With players now able to capitalize on their name, image and likeness (NIL), and transfer without having to sit out a year, it is a whole new day in college basketball.
The sea changes in the college game line up with a new regime leading the IU basketball program, and it is easy to see how that new staff should be able to pounce on the opportunities in the sport.
The main question hanging over new head coach Mike Woodson after he spent 40 years in the NBA was a logical one. Can he recruit? Woodson’s response the first time he was publicly asked the question seemed like spin at his introductory press conference in late March.
“It wouldn’t be my first time recruiting, first time recruiting in college,” Woodson said. “We recruit all the time in the NBA. The one year I coached the Atlanta Hawks when I was given that job, I had the youngest team in the history of the game and they were all recruits from the college game where you had to go out and do background checks, medical checks, all kind of things in terms of bringing a player in that you think that can help build your program.”
Even just in the span of six months, that response takes on an entirely new meaning. Off the court, the college game looks more like the NBA than ever, and that is a world where Woodson is well positioned to thrive.
When Woodson uttered those words we were just seeing the beginning of the NCAA’s elimination of the requirement that transfers sit out a season. The result was more than 1,700 players in the transfer portal, and dozens of transfers in the Big Ten, including IU who will have four new players who have suited up for other college programs.
“I think coach Woodson fell into college basketball at the right time,” assistant coach Kenya Hunter told A.J. Guyton on the House of Hoosier podcast this week. “It’s like the NBA, you are just picking guys from different teams that you really like.”
Something else that has an NBA feel is the concept of players making money. The passage of NIL rules over the summer doesn’t mean college players now earn a paycheck, but it does introduce an entirely new element to the sport. Both the Indiana program and Woodson appear to be in a good position to succeed in this brave new NIL world.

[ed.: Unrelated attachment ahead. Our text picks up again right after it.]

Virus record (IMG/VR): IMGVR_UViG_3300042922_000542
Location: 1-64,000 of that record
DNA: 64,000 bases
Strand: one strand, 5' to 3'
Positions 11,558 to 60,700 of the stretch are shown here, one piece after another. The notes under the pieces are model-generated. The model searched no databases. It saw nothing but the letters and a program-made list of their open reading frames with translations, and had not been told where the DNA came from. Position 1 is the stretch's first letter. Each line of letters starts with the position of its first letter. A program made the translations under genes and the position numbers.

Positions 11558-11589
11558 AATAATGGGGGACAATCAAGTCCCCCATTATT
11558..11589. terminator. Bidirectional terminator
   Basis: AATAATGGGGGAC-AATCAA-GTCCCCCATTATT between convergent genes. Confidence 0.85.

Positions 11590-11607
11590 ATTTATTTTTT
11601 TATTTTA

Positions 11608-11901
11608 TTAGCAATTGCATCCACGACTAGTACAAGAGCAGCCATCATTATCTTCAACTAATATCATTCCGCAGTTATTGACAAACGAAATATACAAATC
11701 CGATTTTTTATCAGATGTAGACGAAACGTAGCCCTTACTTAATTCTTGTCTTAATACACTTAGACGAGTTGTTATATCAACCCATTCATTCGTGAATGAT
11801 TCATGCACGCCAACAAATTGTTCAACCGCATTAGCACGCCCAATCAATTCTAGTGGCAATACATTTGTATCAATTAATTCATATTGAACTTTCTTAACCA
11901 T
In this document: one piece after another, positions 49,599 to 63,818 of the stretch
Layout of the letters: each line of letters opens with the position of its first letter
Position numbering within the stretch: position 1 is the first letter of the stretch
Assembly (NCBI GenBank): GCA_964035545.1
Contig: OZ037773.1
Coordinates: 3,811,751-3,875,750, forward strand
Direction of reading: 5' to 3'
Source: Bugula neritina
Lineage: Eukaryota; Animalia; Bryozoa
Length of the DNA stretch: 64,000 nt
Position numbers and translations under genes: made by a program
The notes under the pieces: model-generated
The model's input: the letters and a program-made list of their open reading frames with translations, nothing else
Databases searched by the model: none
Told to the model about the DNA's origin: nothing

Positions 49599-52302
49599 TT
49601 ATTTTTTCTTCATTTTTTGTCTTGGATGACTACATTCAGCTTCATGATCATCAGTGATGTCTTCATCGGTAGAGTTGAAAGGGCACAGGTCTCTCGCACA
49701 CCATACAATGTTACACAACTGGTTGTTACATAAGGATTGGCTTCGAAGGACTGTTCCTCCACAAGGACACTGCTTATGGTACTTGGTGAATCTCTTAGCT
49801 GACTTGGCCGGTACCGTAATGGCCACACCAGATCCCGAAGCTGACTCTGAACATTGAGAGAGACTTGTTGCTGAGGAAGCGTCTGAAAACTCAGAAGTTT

Despite a recent lack of on-the-court success, the IU basketball program has one of the game’s most iconic brands, and it has routinely been listed by Forbes as one of the most valuable programs in terms of revenue and profits. Now that intangible brand asset can be accessed by the players to generate income, and it can be leveraged by the coaches as a recruiting tool.
“The NIL is definitely going to help,” Hunter told Guyton. “I think Indiana is doing a great job of being at the forefront of everything that we can do to help our student athletes, and by that happening it puts us in a position as recruiting coaches to go out and recruit the best players who fit our system.”
The introduction of players making money to college locker rooms won’t come without complications. For example, there will be a great deal of discrepancy in what each player makes. It is another aspect of the game that is in Woodson’s wheelhouse from his NBA experience. By and large significant NIL deals will be merit-based, influenced by both on-the-court performance, and off-the-court marketability.
While you have likely already seen IU players create t-shirts or make one-off appearances, bigger deals are happening. Most notably, forward Trayce Jackson-Davis signed a deal to be a brand ambassador for Merchants Bank. Businesses know very well how to market themselves, and they know the value of the IU basketball brand. Now those two variables are connected in a way that should be quite powerful for the program.
While the Indiana staff cannot help broker NIL deals for players, they can talk to recruits about how their players are benefitting. Already those conversations are well underway.
“Obviously with the NIL it influences guys (recruits) as far as some of the things that we are capable of putting in front of them from previous guys that have done things,” Hunter said. “Basically that’s all we can say with the NIL is things that are happening to our players right now. There are no promises of anything, but this is what’s happening with our guys right now.”
While much has changed with the college game in the last year, one thing remains the same — you have to assemble a cohesive team, not just a group of individuals. Without on-the-court success, NIL opportunities will dwindle, and programs will become less appealing to potential transfers.
Now it will be more important than ever to decipher why a player is transferring, why they are interested in your program, and how they will be influenced by outside pressures.
“It is not just about collecting talent,” Hunter said. “It is about collecting the right guys who we feel like we can build a relationship and who we feel like can play well for coach Woodson. Just because you’re talented doesn’t mean you are going to fit in right. It is still about us doing our homework as assistant coaches and getting to know the players, the parents, the people around them to see if they will be a great fit.”
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